October News 2017

P1040408 (1) I love the month of October; the misty mornings; the leaves changing into glorious autumn colours; berries, hips and haws abound in the hedgerows and the birds are eating voraciously from the feeders, giving us endless entertainment! Early in the mornings there are spider’s webs everywhere in the garden and when I saw this one it made me reflect on how hard the spider had to work to catch her early breakfast! This then led me to look up whether it is male or female spiders that make the web, and the complicated processes involved. What a story! It is a fascinating read….

My lovely sewing room has become more and more disorganised, just because I have so much on the go all the time!!  My projects seem to be grouping together, on tables or the floor while I am “auditioning” fabrics for each of them!  I suspect that many of us, do this before launching into making piece of work. I often want to pin work up for a while, or even put it away for a few days/ weeks, until I have a more concentrated period of time to concentrate on it. That doesn’t mean to say that I am not turning it all over in my mind, constantly.

One very good friend said to me one day, as I was apologising about the state of my room; ” Di, you cannot be creative and tidy! Don’t worry about it”! I don’t, I can assure you, but I do like to have a good tidy up occasionally, as it helps to clear my mind! Anyway, I decided to make some calico tote bags, so that it is easier to separate the different projects, and store them. This would help to tidy up my room, as well as other areas in the house! First, I stored them in various cloth bags, and hung them from some butchers hooks just to get the feel of what I wanted! As I already use these bags on a regular basis, they couldn’t be in permanent use! But, immediately it was tidier than it had been for many weeks. That was the just the incentive to get on and make them!

P1040425They had to be quick to make, but I equally wanted them to look smart. I used a heavy weight calico…no adornments other than a tiny additional loose “pocket” pinned with an outsize safety pin around one of the handles. I have slotted a card into this with the project name easy to read! Job done. Will be making another couple very soon!

I finished the quilting on the lino printed panel that I showed in the last blog. It has been an easy project to get on with as it is relatively small. I really love having hand sewing on the go as it is so easy to transport, and to sew in the evenings, or with friends when chatting! I cut out some more denim to border the panel, which also made it up to the correct size for the front of the bag. I also sourced a denim pocket for the back of the bag; such a useful addition to have. I chose a fabric for the bag lining and cut this to size, before stitching a padded pocket in place on it.  In the final construction I sewed the lining and the zip in together and created boxed corners at the base of the bag to give a pleasing shape, and a roomy interior. I have made this bag specifically as a gift; designing the lino print, choosing colour, size etc.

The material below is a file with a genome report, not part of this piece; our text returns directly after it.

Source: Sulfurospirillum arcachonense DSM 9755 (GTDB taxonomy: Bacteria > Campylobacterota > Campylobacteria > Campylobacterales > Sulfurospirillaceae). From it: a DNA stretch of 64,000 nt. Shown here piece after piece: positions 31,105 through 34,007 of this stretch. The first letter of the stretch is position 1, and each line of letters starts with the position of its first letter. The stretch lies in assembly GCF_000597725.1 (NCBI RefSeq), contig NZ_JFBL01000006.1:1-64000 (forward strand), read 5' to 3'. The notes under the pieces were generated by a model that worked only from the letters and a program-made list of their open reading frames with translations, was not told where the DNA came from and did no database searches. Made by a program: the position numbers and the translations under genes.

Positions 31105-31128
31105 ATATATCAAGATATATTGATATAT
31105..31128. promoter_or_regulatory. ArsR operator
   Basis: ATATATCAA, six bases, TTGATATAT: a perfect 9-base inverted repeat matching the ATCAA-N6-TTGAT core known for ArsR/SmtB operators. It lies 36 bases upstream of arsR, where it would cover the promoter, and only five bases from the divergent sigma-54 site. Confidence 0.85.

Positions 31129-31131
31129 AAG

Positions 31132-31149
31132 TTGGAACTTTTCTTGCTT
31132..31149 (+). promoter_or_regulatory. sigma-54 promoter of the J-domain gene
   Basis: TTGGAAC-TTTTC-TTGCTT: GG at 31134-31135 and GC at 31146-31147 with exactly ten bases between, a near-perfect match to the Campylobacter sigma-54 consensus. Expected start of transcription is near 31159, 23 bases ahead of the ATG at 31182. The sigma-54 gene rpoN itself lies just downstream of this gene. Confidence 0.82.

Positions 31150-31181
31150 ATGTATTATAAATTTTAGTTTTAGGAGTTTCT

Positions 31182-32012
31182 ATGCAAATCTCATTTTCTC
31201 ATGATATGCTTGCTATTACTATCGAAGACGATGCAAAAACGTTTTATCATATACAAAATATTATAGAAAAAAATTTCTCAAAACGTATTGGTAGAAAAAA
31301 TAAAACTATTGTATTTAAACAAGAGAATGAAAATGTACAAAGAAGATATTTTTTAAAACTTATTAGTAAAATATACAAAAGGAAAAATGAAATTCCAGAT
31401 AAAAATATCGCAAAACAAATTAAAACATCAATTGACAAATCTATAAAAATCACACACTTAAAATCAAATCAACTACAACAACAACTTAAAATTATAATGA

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During the first three years after we moved to Mevagissey, I taught eleven residential courses up at Bodrugan Barton, a farm on the edge of Mevagissey, whose wonderful owners, Sally and Tim could not have been more hospitable. The courses were great fun, and when I “retired” the ladies started to book retreats there for themselves and friends.

They frequently invite me up to the farm when they are staying there. It is a wonderful way for me to keep in touch with everyone. I get to see what they are all working on, and they get to see what I have been up to too! We chat, laugh, share a mix of ideas…and of course cake and coffee come into it as well!! This last month I have three invitations up to see old friends. They are very special times.

I also taught 15 wonderful ladies from Brockhampton Quilters, Gloucestershire, a week ago, for a long weekend.  This is the sixth annual “workshop weekend” that I have taught for them in Mevagissey, and hopefully there may be more! They have already booked again for next year! It was a very happy weekend, with much chatter and laughter; a lot of very productive stitching going on in between the coffee and cakes and other delicious food and everyone supporting each other fantastically.